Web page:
When asked to score their family’s financial state, residents with higher education were more optimistic in their replies – 26% said their family’s state is good. Residents with secondary education, on the other hand, are more negative – 27% said their family’s financials state is poor. Only 14% of respondents with higher education said their family’s financial state is poor, according to results of the study.

When asked to assess the current state of Latvia’s labour market, the majority of respondents said the possibility of finding work is poor. 63% of respondents with primary education and almost as many respondents with secondary or vocational education stated as much. Residents who have higher education are more optimistic, but even in this category 36% of respondents voiced a critical opinion.

Full article here

BUSINESS: British Steel says it is interested in Liepājas metalurgs’ recovery, not asset purchase

The consortium consisting of British Steel, Greybull Capital and Estonian Baltic Metal Holding is interested in KVV Liepājas metalurgs’ recovery, not the purchase of its assets, says Greybull Capital partner Daniel Goldstein.

He refused to go into detail as to why the consortium exited from last year’s KVV Liepājas metalurgs sale process. He did say that ‘now there may be an option to perform the company’s purchase in a constructive way’. This is why the consortium voiced the desire to purchase all of KVV Liepājas metalurgs’ property together earlier this year. «The previous approach was auctioning off assets. We were not interested in such a process. We are interested in creating a business. Business and assets are different things. For a business to form successfully, all interested sides should actively participate. This is what we are hoping for. Assets are important, but they are not decisive. If you have assets, it does not mean you’ll be successful,» said Goldstein.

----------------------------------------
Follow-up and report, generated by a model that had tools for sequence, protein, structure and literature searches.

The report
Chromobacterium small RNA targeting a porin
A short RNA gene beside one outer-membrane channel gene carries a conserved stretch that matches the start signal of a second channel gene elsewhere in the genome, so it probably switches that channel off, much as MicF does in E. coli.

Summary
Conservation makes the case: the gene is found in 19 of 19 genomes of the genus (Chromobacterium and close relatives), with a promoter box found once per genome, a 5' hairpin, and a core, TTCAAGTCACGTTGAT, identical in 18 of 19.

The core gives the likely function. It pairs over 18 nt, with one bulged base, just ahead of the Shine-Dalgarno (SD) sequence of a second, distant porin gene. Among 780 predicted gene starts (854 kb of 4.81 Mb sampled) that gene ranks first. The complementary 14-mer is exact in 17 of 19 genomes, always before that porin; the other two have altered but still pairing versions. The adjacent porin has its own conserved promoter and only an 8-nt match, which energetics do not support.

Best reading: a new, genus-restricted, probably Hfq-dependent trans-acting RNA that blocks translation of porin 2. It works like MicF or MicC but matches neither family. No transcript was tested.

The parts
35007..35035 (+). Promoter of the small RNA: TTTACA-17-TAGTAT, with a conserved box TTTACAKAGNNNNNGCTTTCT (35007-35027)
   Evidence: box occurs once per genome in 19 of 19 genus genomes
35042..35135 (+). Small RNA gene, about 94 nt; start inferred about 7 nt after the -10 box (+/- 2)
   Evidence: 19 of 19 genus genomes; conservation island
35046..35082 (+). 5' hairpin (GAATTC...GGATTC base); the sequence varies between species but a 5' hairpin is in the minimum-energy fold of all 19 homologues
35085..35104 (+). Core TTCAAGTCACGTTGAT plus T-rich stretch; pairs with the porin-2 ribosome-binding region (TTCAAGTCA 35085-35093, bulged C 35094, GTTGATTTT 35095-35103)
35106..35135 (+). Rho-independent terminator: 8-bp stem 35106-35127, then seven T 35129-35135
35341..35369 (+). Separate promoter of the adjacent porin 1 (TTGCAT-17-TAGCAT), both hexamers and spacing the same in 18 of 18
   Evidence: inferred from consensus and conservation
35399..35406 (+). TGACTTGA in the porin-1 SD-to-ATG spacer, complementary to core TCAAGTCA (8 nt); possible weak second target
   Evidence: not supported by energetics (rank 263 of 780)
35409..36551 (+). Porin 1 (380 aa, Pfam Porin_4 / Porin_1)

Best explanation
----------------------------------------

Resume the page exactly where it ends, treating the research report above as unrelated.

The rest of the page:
He admits that there isn’t a clear action plan in relation to Liepājas metalurgs’ already auctioned off assets.

Full article here

FIGHT: Latvian Saeima’s committee does not support Kušners’ re-approval in Bank of Latvia council

On Thursday, 17 May, Saeima’s Budget and Finance Committee decided not to recommend Edvards Kušners for a repeated term in the council of the Bank of Latvia.

Three deputies voiced support for Kušners – Imants Parādnieks, Inguna Sudraba and Juris Viļums. Three deputies – Jānis Vucāns, Aleksandrs Kiršteins and Edgars Putra – voted against. Deputy Renārs Putniņš abstained in the vote, and Igors Pimenovs was absent.